Patient perceptions of higher-dose naloxone nasal spray for opioid overdose

Justin C. Strickland, Katherine R. Marks, Kirsten E. Smith, Jennifer D. Ellis, J. Gregory Hobelmann, Andrew S. Huhn

Research output: Contribution to journalArticlepeer-review

Abstract

Background: Higher-dose formulations of naloxone were recently approved by the FDA for the treatment of opioid overdose. These products were developed based on projected saturation of high-potency fentanyl analogues in the illicit marketplace although the evidence base for their necessity is still under scrutiny. Concern has been raised that unintended reductions in patient acceptance of naloxone may occur due to increased precipitated withdrawal risk associated with higher naloxone doses. A well-founded and time-sensitive call for representation of people who use drugs in this decision-making process has been made. This study provides the first data on patient perceptions of higher-dose formulations to inform this scientific debate and distribution efforts. Methods: Patients (N=1152) entering treatment for opioid use disorder at one of 49 addiction treatment facilities located across the United States completed a preference assessment of naloxone nasal spray formulations. Patients selected a formulation preference across three scenarios (administration for self, administration to others, community responder administration). Results: A majority of respondents that had been administered naloxone previously reported that their most recent overdose reversal included two or more naloxone administrations (59.9%). Most respondents either had no preference (48.4%) or preferred a higher-dose formulation (35.9%) if personally experiencing an overdose. Similar preference distributions were observed for administration to others and by community responders. Relative to standard-dose preference, respondents preferring higher-dose formulations had a greater odds of recent suspected fentanyl exposure. Conclusions: These data inform patients, advocates, and policy-makers considering distribution and utilization of naloxone formulations by reporting perspectives of patients with opioid use and overdose experience. Limited evidence for widespread avoidance of higher-dose formulations was found. As real-world evidence of acceptability and effectiveness emerges, either supporting or refuting the widespread need for higher-dose naloxone formulations, it is the responsibility of the scientific and public health community to be responsive to those data.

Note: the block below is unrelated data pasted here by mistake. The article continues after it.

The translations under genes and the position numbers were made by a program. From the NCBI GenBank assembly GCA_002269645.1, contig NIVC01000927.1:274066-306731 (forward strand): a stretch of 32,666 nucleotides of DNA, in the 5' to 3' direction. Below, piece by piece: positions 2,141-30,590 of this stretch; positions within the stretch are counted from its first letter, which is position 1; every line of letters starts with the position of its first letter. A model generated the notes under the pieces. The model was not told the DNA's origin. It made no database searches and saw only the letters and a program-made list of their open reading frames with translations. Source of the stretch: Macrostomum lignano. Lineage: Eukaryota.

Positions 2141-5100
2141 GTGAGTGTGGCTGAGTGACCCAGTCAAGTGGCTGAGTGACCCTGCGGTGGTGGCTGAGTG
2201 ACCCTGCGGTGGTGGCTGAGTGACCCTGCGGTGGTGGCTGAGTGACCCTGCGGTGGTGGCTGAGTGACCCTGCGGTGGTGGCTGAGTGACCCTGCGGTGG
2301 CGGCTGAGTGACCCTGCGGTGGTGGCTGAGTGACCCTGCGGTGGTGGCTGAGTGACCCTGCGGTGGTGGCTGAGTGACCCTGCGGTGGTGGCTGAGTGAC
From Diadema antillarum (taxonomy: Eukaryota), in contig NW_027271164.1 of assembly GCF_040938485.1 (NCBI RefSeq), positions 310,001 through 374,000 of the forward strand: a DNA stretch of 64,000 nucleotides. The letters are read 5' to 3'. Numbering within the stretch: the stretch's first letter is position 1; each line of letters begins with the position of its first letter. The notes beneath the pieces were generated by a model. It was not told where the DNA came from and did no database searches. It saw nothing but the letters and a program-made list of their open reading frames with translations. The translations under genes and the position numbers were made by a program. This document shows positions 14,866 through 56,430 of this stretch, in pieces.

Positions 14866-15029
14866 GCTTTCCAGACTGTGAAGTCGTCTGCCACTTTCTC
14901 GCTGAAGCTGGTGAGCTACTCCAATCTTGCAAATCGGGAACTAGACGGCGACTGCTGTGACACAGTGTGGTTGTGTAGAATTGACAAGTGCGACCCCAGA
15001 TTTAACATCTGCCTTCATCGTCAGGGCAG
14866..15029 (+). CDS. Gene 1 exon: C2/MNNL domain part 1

Original languageEnglish
Article number103751
JournalInternational Journal of Drug Policy
Volume106
DOIs
StatePublished - Aug 2022

Bibliographical note

Funding Information:
Support for Dr Strickland was provided by grant R03DA054098 from the National Institute on Drug Abuse. Support for Dr Smith was provided by that National Institute on Drug Abuse Intramural Research Program. Support for Dr Hobelmann was provided by Ashley Addiction Treatment. Support for Dr Ellis was provided by grant T32DA07209 from the National Institute on Drug Abuse. Support for Dr Huhn was provided by grant UG3DA048734 from the National Institute on Drug Abuse.

Funding Information:
Support for Dr Strickland was provided by grant R03DA054098 from the National Institute on Drug Abuse . Support for Dr Smith was provided by that National Institute on Drug Abuse Intramural Research Program . Support for Dr Hobelmann was provided by Ashley Addiction Treatment . Support for Dr Ellis was provided by grant T32DA07209 from the National Institute on Drug Abuse . Support for Dr Huhn was provided by grant UG3DA048734 from the National Institute on Drug Abuse .

Publisher Copyright:
© 2022

Keywords

  • Fentanyl
  • Harm reduction
  • Naloxone
  • Opioid
  • Overdose
  • Prevention

ASJC Scopus subject areas

  • Medicine (miscellaneous)
  • Health Policy

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